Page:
What struck me was these individuals’ candor and willingness to tell their stories. And as they shared their experiences, their faces of celebrity faded, only to be replaced with the face of humanity, gratitude, and humility. I watched, transfixed, and was really shocked at Scott Hamilton’s revelation that he had recently been diagnosed with a brain tumor. He expressed his gratitude for being able to be on this Earth for as long as he has.

In his Fairfield Citizen article, “In the suburbs: Winning the battle at all costs,” Steve Gaynes eloquently describes this particular show. (See the link at the end of this blog.) Like Gaynes, I found Dresher’s words inspiring: “‘Sometimes the best gifts come in the ugliest packages.'”

During my fight against breast cancer, I bore witness to the ugliness of illness. During hours in chemotherapy, I had a lot of time to think and reflect about my life. I was just focused on doing all I could to fight for my life. Cancer survivors would tell me that I might not feel this way now, but one day I might consider this illness a gift.

I was, like, “huh”?

So when hearing the celebrities’ stories on Oprah, I realized that these individuals are speaking from a perspective different than one who is just diagnosed. Their points of view only come after years of reflection about their plights.

Eight years after my diagnosis, I, too, now see that cancer was, indeed, a gift — a gift I didn’t want in the first place — but a gift nonetheless.

Because until I realized what it was really like to be ill, I took life for granted. I now do my best to appreciate each day and know how precious the world and my loved ones are to me. I still throw pity parties and still have to deal with the medical aftermath of my battle.

But I consider myself blessed, humbled, and very human.

http://www.fairfieldcitizenonline.com/columnists/ci_11957992

Beth L. Gainer is a professional writer and has published an essay on her breast cancer experience in the anthology Voices of Breast Cancer by LaChance Publishing. She teaches writing and literature at Robert Morris College in the Chicago area. She can be contacted at bethlgainer@gmail.com and gainercallingtheshots@gmail.com.

This blog posting is an excerpt from my book in progress, Calling the Shots: Coaching Yourself Through the Medical System. Stay in loop for when it comes out. Subscribe to the blog in upper righthand corner.

Calling the Shots in Your Medical Care

Posted on: March 14th, 2009 by
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This blog-form column is designed to encourage and inspire people to take the reins of their own medical care. Whether you have advocated for yourself or a loved one, or you want to know tips on how to do so, this blog is for you.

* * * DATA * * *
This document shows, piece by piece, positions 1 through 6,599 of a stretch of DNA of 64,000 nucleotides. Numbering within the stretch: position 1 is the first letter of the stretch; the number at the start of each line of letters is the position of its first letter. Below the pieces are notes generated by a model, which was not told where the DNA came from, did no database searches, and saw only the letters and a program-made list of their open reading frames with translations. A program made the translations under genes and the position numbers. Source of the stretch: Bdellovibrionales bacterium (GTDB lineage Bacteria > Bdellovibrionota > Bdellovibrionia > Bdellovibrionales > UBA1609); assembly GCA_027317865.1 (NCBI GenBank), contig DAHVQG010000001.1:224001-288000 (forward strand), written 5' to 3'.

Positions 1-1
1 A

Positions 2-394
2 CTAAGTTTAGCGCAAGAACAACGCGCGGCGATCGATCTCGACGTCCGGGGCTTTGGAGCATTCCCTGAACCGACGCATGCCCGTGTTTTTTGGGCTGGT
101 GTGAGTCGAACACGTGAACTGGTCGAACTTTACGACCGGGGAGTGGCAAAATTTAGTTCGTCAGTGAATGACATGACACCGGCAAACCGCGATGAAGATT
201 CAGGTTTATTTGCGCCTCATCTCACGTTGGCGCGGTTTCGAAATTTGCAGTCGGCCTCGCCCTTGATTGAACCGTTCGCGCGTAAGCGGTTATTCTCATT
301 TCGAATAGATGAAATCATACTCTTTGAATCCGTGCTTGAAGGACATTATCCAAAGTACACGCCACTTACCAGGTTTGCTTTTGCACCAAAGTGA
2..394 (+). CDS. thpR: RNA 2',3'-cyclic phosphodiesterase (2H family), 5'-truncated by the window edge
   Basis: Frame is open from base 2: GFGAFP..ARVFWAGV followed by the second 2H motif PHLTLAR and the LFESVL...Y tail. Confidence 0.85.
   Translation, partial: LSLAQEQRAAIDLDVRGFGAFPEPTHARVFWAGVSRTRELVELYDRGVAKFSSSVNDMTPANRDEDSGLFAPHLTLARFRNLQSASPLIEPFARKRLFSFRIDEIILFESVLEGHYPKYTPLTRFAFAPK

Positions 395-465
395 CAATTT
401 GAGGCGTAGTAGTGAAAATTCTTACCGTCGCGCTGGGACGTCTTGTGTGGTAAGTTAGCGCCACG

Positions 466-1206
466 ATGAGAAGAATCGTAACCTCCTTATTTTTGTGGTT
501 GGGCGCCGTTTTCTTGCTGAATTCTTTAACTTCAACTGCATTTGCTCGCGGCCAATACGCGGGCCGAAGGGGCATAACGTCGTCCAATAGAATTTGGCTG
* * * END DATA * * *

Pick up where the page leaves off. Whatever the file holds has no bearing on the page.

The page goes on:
I became a self-advocacy expert when I was diagnosed with breast cancer in January 2001. The road toward health has been fraught with difficulties, setbacks, losses, and suffering. But I am grateful to be alive and loved — and to have a platform through which I can help others.

Every person who is diagnosed with any medical condition is unlucky. In particular, the “C” word in particular still fills people’s hearts with dread.

In some respects, I was especially unlucky when I was diagnosed with breast cancer. At a relatively young age, I suffered through a lumpectomy, chemotherapy and radiation, constant medical testing, a few false alarms, and eventually a preventive double mastectomy with reconstruction. I had also become infertile as a result of the treatments. The ironic part of it all is that I was in excellent shape and fit.

But despite my diagnosis, I was also lucky: my cancer hadn’t spread, I had excellent doctors, and I had the best advocate in the world – myself.

Through self-advocacy, I caught my own breast cancer, prevented a recurrence, and ensured I received top-quality HMO medical care. Before my breast cancer diagnosis, I knew nothing about interacting with doctors and self-advocacy. Sure, I had routine exams, but like most people, I was intimidated by doctors and believed everything they told me. I was not immersed in the medical world. My breast cancer experience would change all that.

In my self-advocacy journey, I have taken actions that were unthinkable to my pre-cancer self: hiring and firing doctors, asserting my needs to medical personnel, scolding difficult medical staff – and in one instance allowing everyone on a train car to know my sordid, private medical details! (Curious? Stay tuned for a future blog.)

This blog will offer tips on how to advocate for your medical needs. Regardless of your condition, situation, prognosis, or ultimate outcome, too much is at stake to allow organizations and medical personnel to intimidate you and fully determine your fate.

You are the one who can call the shots in your own medical care.

During my public speaking engagements, people often ask my advice on how to find the right physician, what to do if they are unhappy with their doctors, or how to handle being dismissed by medical personnel. When others find out I advocated for myself, they want to talk with me about this topic. People need to know how to advocate for themselves.

Although you cannot always control your medical situation, remember this: you are the driver of your medical care, not a passenger.

When it comes to self-advocacy, you call the shots.

Beth L. Gainer is a professional writer and has published an essay on her breast cancer experience in the anthology Voices of Breast Cancer by LaChance Publishing. She teaches writing and literature at Robert Morris College in the Chicago area. She can be contacted at bethlgainer@gmail.com and gainercallingtheshots@gmail.com.

This blog posting is an excerpt from my book in progress, Calling the Shots: Coaching Yourself Through the Medical System. Stay in loop for when it comes out. Subscribe to the blog in upper righthand corner.